“That was my first film, made on the basis of a screenplay by Gordan Mihić, and it was accepted into the official selection of the festival. The reasons were of a political, ideological nature, and the fact that it was not included in the official programme because of this provided reason enough to cause more of a hullabaloo over this film than its quality deserved. The film was not worth as much as the praise it received. Otherwise, that Pula festival, like many others, appeared tragicomic when it comes to the jury’s decisions. Delegated as jury members were members of the republican central party committees, who were tasked with packaging the award for films from those republics, because then the producer of the award-winning film would receive money from the SIZ for culture.
Thus, one of the jury members that year was Azem Vlasi, from Kosovo. There were a total of 13 jury members, including two or three directors and the odd actor, who crucially could not influence anything. In order for there to be as little competition as possible for awards, they removed films that would bother them unnecessarily, and thus I was removed from the game at the start, because it was best to stick a label of politically unsuitable to the film. I saw in the later report that Vlasi was at the forefront of that. And then it happened that he approached me at the bar. We otherwise did not know each other, but he pointed his index finger at my face and said: I will explain to you what’s wrong with your film! I retorted: You understand film like Marica understands a bent dick! Vlasi turned red, turned around and left.”
From the great Milivoje Živanović, via Zoran Radmilović, Dragan Nikolić and Aleksandar Berček to Nikola Đuričko, Vojin Ćetković and Ivan Bosiljčić… there is almost no actor who has not performed in some of his dramas, TV serials or films. And this is why we should believe him when he says that great actors are, as a rule, easy to cooperate with:
“The bigger they are, the easier they are; the weaker, the tougher. They often know how to say to me: “it’s easy for you when you work with good actors”. Well, which other should I work with?! There are directors who shy away from acting greatness, worried that they will not be able to tame them. I did not even shy aware from the greats when I was young. I did two dramas with Milivoje Živanović. He would be the first come to rehearsals, the first to learn the text. And standing next to him would be an acting student who would do everything the opposite of him; who would arrive last and would be the last to learn the text. So I also worked with Pavle Vujisić, Zoran Radmilović, Slobodan Aligrudić and Slobodan Cica Perović. The latter found it very difficult to learn the text, but he was capable of overcoming that with many surprises in his acting creativity. All of them generally drank a lot, but that could never be felt and was not reflected on the job.”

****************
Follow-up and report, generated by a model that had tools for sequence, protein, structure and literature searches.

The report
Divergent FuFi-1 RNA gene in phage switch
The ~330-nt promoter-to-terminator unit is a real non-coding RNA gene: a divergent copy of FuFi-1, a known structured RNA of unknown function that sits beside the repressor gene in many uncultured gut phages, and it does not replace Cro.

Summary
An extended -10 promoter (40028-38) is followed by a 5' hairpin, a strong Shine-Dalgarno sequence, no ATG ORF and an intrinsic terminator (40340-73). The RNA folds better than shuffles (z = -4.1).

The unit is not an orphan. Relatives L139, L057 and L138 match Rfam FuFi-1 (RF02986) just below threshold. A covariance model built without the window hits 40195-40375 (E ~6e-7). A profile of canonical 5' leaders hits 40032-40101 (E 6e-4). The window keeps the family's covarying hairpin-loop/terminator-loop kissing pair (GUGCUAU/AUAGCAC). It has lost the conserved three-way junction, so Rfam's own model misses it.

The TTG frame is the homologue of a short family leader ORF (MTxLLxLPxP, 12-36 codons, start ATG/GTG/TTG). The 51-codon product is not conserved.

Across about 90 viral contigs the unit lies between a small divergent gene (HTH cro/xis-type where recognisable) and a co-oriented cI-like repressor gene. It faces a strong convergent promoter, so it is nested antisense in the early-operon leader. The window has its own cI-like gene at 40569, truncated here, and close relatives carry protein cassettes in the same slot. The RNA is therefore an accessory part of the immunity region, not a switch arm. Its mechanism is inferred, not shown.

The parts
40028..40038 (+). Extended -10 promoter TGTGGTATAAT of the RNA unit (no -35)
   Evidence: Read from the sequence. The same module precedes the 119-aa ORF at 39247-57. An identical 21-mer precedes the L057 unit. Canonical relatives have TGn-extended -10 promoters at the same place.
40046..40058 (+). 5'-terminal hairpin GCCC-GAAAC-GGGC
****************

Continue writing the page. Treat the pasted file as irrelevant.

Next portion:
This hardened Red Star supporter has long since ceased to attend the matches. Just as football is at a low ebb, so he says that many values in society have been greatly degraded:
“There’s nowhere left to fall. That situation in which we lived and are still living was described ingeniously by a Romanian poet when they brought down their president Ceausescu. He more or less said: “We headed to one side, went astray, and saw that nothing exists there. Now we are coming back and we can explain to everyone well no to head to that side because there’s nothing there. You could pay us something for that report, as we brought you very important information.”
“And now I think we could also sell that kind of information; that great discovery of ours that there is nothing in that place where we have been in recent years.”
And when a reporter thinks that we could now continue talking about politics, Šotra replies ironically, in that Herzegovinian way, but primarily in accordance with himself:
“I don’t understand anything in politics. All my life I have loved only that which I do. And I barely understand a little about that.”
As in every life, Šotra concludes that his has included all sorts of things:
“In my twelfth year I ventured out into the world and into life without any real view to survival. There were countless chances for me to fail, but given that I survived nevertheless, made something of myself and forced my way to these years, I have to be satisfied. There have been worse cases.”